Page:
On December 24, 2001, Holland and Dolson executed a new mortgage on the Real

Estate (“the Mortgage”). The Mortgage was executed in favor of Terre Haute First National

Bank (“the Bank”), and was for the purpose of refinancing.3 The Mortgage purported to




        2
         We heard oral argument on August 25, 2010, in Indianapolis.
        3
         The Note, discussed infra, stated the purpose of the loan was to “Re-Finance Mortgage.” Appellant’s
App. at 289. SPCP’s counsel also stated at the summary judgment hearing that the Mortgage “was a re-finance
and a buy-out of a prior mortgage.” Transcript at 7.


                                                     3
secure “Secured Debt” not exceeding $700,000 and defined in Paragraph 4 of the Mortgage

as:

       A.         Debt incurred under the terms of all promissory notes(s), contract(s),
              guaranty(s) or other evidence of debt described below and all their
              extensions, renewals, modifications or substitutions. (When referencing
              the debts below it is suggested that you include items such as borrowers’
              names, note amounts, interest rates, maturity dates, etc.)

       Promissory Note dated December 27, 2001 executed by Dolson, Inc. and
       Maurice E. Doll and Shanna R. Doll and C. Wayne Thompson and maturing
       December 27, 2021.

Id. at 283. In Paragraph 24 of the Mortgage, Holland and Dolson agreed that:

       Lender and any party to this Security Instrument may extend, modify or make
       any change in the terms of this Security Instrument or any evidence of debt
       without Mortgagor’s consent. Such a change will not release Mortgagor from
       the terms of this Security Instrument.

Id. at 287.

       On December 27, 2001, Dolson and the Dolls executed a promissory note (the “Note”)

to the Bank in the principal amount of $700,000 with a maturity date of December 27, 2021.

C. Wayne Thompson4 did not execute the Note, and Holland did not review the Note before

or after she signed the Mortgage. Also on December 27, 2001, Thompson executed in favor

of the Bank an unconditional guaranty (“the Guaranty”) in consideration for the credit

advanced to Dolson. The Guaranty provided that Thompson “hereby guarantees the full and

prompt payment, when due . . . of any and all notes . . . and other obligations of [Dolson]”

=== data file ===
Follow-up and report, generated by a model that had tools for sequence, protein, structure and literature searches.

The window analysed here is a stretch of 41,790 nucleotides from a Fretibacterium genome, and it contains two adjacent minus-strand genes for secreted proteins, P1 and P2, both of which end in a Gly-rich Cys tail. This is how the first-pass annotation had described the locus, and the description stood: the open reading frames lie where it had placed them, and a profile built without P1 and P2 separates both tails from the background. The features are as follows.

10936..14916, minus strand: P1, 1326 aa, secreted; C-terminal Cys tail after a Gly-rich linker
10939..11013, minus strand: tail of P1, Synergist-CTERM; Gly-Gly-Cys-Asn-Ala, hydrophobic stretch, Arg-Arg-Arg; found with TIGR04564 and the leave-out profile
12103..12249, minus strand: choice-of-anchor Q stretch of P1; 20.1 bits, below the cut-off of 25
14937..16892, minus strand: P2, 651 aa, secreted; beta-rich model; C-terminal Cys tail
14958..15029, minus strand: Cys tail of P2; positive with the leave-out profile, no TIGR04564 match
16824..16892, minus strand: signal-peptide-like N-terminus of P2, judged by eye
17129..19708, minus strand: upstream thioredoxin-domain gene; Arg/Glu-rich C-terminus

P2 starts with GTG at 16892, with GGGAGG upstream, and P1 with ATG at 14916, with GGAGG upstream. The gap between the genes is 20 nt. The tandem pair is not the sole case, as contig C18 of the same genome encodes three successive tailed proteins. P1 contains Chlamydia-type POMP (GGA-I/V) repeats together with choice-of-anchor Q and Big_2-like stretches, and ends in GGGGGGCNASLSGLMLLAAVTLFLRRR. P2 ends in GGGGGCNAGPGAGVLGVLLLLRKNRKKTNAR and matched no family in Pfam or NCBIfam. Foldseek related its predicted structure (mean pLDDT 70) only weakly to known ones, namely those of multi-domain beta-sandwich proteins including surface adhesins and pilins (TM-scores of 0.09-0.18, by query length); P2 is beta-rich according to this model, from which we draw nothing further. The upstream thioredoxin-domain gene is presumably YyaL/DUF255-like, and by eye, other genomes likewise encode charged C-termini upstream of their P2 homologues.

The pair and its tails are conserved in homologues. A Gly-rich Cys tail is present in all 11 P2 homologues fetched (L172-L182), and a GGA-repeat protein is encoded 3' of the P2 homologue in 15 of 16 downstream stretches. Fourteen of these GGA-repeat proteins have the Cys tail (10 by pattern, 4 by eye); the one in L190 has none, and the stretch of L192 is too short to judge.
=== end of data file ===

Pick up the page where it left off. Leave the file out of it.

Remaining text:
not exceeding a principal sum of $700,000. Id. at 117.



       4
           The record indicates Thompson is Shanna Doll’s father.

                                                    4
        Dolson and the Dolls failed to make timely payments on the Note, placing them in

default. In September 2005, the Bank assigned the Note, the Mortgage, and the Guaranty to

SPCP. On September 26, 2005, SPCP filed its complaint against Holland, Dolson, the Dolls,

and Thompson, seeking, among other things, foreclosure of the Mortgage on the Real Estate.

In December 2005, Dolson filed for Chapter 11 bankruptcy, resulting in a stay of all state

court proceedings as to Dolson and the Dolls.

        On June 6, 2007, SPCP and Thompson executed a release whereby, for consideration

of $550,000, SPCP discharged all debts, claims, and causes of action against Thompson. The

release was executed without Holland’s knowledge or consent. On July 1, 2009, SPCP filed,

and the trial court granted, a motion to dismiss SPCP’s claims against Thompson. The same

day, SPCP amended its complaint to add counts against Ecolab, Inc., the owner of a

dishwasher leased to Dolson, and against the Indiana Alcohol and Tobacco Commission and

Indiana Department of Revenue (the “State agencies”) in relation to Dolson’s liquor license.

        On July 30, 2009, SPCP filed a motion for partial summary judgment against Holland

and Dolson.5 On August 18, 2009, Holland filed a response and cross-motion for summary

judgment against SPCP. In her affidavit designated in support, Holland averred:

               6. While I did not read [the] entire [Mortgage] before signing it, I did
        read the description of the Promissory Note it secured . . . which description
        was consistent with my understanding of the transaction for which I was
        obligating my property.
               7. I first learned at the time this suit was filed, or shortly before, that
        the Promissory Note allegedly secured by the Mortgage on my property was


        5
          SPCP’s motion also sought partial summary judgment against the State agencies, but by agreement of
the parties, that part of SPCP’s motion is stayed. Dolson did not oppose SPCP’s motion for partial summary
judgment, and the record shows a receiver had been appointed for Dolson.

                                                     5
       not as described in the Mortgage, in that C. Wayne Thompson was not a
       maker.
              8. I would not have signed the Mortgage had the description of the
       Promissory Note being secured by the Mortgage not included C. Wayne
       Thompson as a maker of that Promissory Note.

Id. at 363.

       The trial court held a hearing on the summary judgment motions and, on October 21,

2009, issued its order denying SPCP’s motion and granting Holland summary judgment

against SPCP. The trial court concluded Holland was entitled to judgment as a matter of law

because the Mortgage was invalid and unenforceable on multiple grounds, including:

               b)     . . . Holland is entitled to expect that the note secured by [the
       Mortgage] will be executed in the manner described in the mortgage. The
       description of the note contained in the mortgage is not correct as far as it
       goes. The mortgage states that “. . . Dolson, Inc. and Maurice E. Doll and
       Shanna R. Doll and C. Wayne Thompson . . .” would be makers of a note to be